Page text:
8. Systematically contrast forms used by the child with more mature forms from the adult grammar, using sentence recasts.

Re: the above scene- 
Adult: What happened?
Child: The girl eat the cake.
Adult: Yes, the girl ate the green cake.

9. Avoid telegraphic speech, always presenting grammatical models in well-formed phrases and sentences.

10. Use elicited imitation to make target forms more salient and to give the child practice with phonological patterns that are difficult to access or produce.

#9 is a good reminder, and #10, noted as an "intrusive" practice for social interactionists, is described to be effective in situations where targeted forms are used pragmatically and contrastively, for example, prompting "Say, 'She will play the game,'" followed by "Say, 'She played the game,'" after the action is performed in the app.

As a context clinician (it's what makes it fun!), I really appreciated the authors' references and examples in this article. Check it out for more information.

Fey, M. E., Long, S. H., & Finestack, L. H. (2003). Ten Principles of Grammar Facilitation for Children With Specific Language Impairments. American Journal Of Speech-Language Pathology, 12(1), 3.

Friday, September 11, 2015

Toca Life: City Adds Screen Recording

Toca Boca, long one of my favorite developers of contextual digital toys, has added a powerful feature to one of their already very useful apps- Toca Life: City ($2.99 for iPad). The Toca "Life" apps allow you to move characters around interactive environments; in this app, that includes a loft apartment, theatre, food park, hair salon and mall. Characters can pick up and interact with objects in each setting and even move from place to place with objects as you act out dramatic play sequences. These features in Toca Life: City have been enhanced with the addition of screen recording-- this captures the movement and records audio as you and students speak in order to create an animation. The animation can be immediately replayed, but also saved to the camera roll for later review or even sharing!

After rehearsing or storyboarding a "scene" with your students (further emphasizing your language and social targets), just tap the film icon in the upper left corner and begin recording.

Though the Toca: Life apps (see also Toca Life: Town) provide great opportunities to target play skills, cooperation and social cognition, and language targets such as sentence formulation, microstructures such as verbs and pronouns, as well as overall narrative, the screen recording feature can make this work more salient, with auditory feedback on student performance.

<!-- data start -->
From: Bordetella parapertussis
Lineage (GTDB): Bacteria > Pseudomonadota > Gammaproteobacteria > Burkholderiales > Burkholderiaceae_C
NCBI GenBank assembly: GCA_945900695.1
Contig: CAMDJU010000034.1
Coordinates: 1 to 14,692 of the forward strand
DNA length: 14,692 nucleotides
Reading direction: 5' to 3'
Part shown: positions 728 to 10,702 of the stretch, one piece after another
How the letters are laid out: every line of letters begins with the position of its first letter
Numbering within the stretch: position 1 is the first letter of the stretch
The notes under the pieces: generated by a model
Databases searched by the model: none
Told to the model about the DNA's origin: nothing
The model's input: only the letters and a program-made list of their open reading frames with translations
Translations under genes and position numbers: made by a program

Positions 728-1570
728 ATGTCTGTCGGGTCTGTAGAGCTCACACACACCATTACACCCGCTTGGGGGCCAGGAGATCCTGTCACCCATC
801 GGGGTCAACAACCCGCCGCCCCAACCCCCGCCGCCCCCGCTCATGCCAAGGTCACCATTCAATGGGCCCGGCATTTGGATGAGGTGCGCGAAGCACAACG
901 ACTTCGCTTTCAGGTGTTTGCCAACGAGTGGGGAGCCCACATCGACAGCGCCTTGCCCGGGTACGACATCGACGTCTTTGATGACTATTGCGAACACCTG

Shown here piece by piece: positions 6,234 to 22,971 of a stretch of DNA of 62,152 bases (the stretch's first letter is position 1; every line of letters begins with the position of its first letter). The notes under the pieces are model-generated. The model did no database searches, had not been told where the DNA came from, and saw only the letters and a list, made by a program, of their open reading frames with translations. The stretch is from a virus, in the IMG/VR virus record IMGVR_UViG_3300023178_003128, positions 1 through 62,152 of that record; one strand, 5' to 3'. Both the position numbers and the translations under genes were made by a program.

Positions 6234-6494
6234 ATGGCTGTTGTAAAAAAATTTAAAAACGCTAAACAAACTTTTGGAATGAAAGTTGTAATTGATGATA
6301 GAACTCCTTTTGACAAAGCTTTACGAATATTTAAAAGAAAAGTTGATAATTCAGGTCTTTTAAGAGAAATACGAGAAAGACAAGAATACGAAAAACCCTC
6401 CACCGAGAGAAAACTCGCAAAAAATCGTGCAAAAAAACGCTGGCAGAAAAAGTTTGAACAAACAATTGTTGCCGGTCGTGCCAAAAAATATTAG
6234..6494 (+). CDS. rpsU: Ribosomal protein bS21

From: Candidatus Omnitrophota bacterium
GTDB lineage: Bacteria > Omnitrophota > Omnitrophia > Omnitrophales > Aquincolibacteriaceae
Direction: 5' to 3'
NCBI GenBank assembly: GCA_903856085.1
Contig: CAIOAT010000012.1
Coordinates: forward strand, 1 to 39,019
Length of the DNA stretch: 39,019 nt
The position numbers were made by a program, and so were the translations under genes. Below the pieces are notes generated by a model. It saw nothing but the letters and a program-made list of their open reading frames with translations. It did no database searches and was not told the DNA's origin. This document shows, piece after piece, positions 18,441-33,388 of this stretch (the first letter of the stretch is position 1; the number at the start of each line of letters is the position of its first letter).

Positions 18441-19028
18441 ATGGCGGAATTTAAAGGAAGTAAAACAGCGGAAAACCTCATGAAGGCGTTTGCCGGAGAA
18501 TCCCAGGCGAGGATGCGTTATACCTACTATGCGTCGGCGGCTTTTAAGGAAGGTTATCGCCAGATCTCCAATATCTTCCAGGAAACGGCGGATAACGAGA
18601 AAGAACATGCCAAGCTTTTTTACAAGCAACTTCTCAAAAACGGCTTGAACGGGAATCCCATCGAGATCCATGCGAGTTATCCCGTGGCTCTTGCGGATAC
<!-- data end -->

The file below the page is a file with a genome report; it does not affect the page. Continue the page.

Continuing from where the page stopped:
That this feature was added recently again underscores the importance of running and reviewing the contents of your app updates, which can be done in the App Store app Updates tab which provides text descriptions of changes within apps.

Thursday, September 3, 2015

Do We Have a Subscription to...(Part 2)

In the last post, I discussed how the beginning of the school year is a good time to acquaint yourself with any technology resources offered by your school district, as many do not realize the benefits subscription-based services can provide.

While BrainPOP, described in the last post, is accessible by an affordable monthly subscription even if your school doesn't have it, ExploreLearning's Gizmos are more of a district investment. I would, however, encourage individuals to check it out via the free month trial, if only for exposure for how interactives connect with language. ExploreLearning (accessible also via a new iPad app once you obtain the trial login) provides interactive activities called "Gizmos" that show the sequential, cause-effect, and conditional relationships in science topics (e.g. tides, flower pollination, forces). The activities are open-ended and meant to be constructivist and inquiry-based, leading students to ask questions and draw conclusions, which is facilitated by printable "Student Exploration Guides" for each Gizmo. Again, I'd encourage you to check it out or take advantage of it if your school offers the service (my middle school did). If you save the guides, the language-based questions provide a good model for questions you can ask when using interactives such as the free ones available at BrainPOP GAME UP or, as well as for apps such as MarcoPolo Weather. Overall, this type of interactive provides a visual contextual support for you to target objectives around description, sequencing, and cause-effect, while providing students (particularly upper elementary, MS, and HS students) additional review of classroom topics.

ExploreLearning's Gizmo on Tides and its Exploration Guide prompts knowledge-activating questions, observation and cause-effect statements about the relationship between the moon and tides, and would be useful when students are studying topics such as Earth, Sun and Moon.